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Everyone. No matter how old or young you are, too much exposure to loud noise can permanently damage your hearing. Whether it’s the screech of a chain saw, the sudden blast of a hunting rifle, or the roar of a lawn mower, exposure to loud sounds can cause noise-induced hearing loss (NIHL).
NIHL is serious. Some 30 million people are at risk in the workplace, in recreational settings, and at home. In fact, it is the second most self reported work-related illness or injury. Already, 22 million American adults ages 20 to 69 have permanently damaged their hearing from exposure to loud sounds.
To help prevent NIHL, the National Institute on Deafness and Other Communication Disorders (NIDCD) has teamed with the National Institute for Occupational Safety and Health (NIOSH) and diverse national organizations to create the WISE EARS!® health education campaign. WISE EARS!® is spreading the word that:
No matter what kinds of work and recreation are a part of your life, you can take steps to prevent NIHL.
Visit WISE EARS!® at www.nidcd.nih.gov/health/wise/
Sounds at or above 85 decibels (dB) can damage your ears. A decibel is a unit that measures the intensity of sound. Sounds that humans can hear are measured on a scale from zero to 140. A normal conversation is about 60 dB. Chainsaws, hammer drills, and bulldozers ring in at over 100 dB. So if you are a construction worker, harmful sounds may be a regular part of your job. The same goes for people working around lawn mowers and factory machinery every day. Airport workers and farmers are two more groups that are regularly exposed to loud noise. However, loud noise does not have to be an everyday happening to cause damage. One-time exposure to very loud noises, such as the sound of a gun firing at close range, can harm your ears permanently.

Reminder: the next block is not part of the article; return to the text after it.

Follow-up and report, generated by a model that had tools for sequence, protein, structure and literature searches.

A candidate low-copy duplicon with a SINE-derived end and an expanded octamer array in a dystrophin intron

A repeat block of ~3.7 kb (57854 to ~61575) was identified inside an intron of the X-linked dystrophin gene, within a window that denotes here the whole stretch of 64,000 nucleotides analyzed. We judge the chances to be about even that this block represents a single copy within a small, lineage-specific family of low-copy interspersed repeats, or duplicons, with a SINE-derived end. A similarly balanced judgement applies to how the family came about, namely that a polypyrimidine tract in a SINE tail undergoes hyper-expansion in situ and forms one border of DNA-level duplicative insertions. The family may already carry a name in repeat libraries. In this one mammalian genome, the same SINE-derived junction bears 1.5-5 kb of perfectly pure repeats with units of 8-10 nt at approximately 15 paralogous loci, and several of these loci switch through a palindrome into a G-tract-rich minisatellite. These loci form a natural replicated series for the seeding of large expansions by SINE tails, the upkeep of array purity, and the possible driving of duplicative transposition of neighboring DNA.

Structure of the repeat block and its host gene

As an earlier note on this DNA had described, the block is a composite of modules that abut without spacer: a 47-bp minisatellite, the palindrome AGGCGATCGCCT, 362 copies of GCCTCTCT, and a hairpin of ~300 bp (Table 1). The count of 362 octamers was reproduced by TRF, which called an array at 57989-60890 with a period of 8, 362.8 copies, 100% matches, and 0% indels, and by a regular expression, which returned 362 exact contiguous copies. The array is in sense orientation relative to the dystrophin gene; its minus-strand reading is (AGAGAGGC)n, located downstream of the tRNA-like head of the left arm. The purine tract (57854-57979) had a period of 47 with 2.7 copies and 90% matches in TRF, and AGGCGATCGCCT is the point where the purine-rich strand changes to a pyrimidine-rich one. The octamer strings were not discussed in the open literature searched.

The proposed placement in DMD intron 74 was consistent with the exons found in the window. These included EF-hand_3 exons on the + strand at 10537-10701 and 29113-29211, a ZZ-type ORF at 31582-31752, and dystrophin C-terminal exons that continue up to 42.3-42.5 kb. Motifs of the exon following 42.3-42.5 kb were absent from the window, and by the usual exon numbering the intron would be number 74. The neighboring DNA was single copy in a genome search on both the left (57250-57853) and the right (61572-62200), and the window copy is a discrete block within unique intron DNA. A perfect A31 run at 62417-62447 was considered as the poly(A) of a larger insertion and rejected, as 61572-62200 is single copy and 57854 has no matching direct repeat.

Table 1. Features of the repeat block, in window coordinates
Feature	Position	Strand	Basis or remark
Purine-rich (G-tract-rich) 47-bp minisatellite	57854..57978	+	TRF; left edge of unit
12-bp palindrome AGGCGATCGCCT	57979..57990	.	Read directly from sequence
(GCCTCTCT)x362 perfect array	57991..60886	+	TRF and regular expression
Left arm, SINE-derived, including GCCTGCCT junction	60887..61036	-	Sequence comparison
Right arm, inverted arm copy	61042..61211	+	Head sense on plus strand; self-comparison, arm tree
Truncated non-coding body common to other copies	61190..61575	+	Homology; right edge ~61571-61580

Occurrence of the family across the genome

See the How Loud Is Too Loud bookmark.
Wear ear plugs or special earmuffs when you are exposed to dangerous levels of noise; they can keep your hearing from being damaged. Hearing protection is important any time you're exposed to loud noise.
Several types of protective earplugs and earmuffs are available in most pharmacies, hardware stores, and sporting goods stores.
You can share what you know about NIHL with your family, friends, classmates, and co-workers. If you have children, explain to them that hearing is delicate and important. Call their attention to sounds that are harmful. Encourage them to protect their ears by avoiding loud noises or using special earmuffs. If they are too young to protect themselves, do it for them. For your co-workers and other family members, make a copy of this flyer and share what you know about NIHL.
If you have more questions about NIHL, want a full list of WISE EARS!® coalition members, or would like a WISE EARS!® information packet, call NIDCD at 1-800-241-1044. NIDCD and the WISE EARS!® campaign can also be reached on the Web at www.nidcd.nih.gov/health/wise/.
NIH Publication No. 00-4848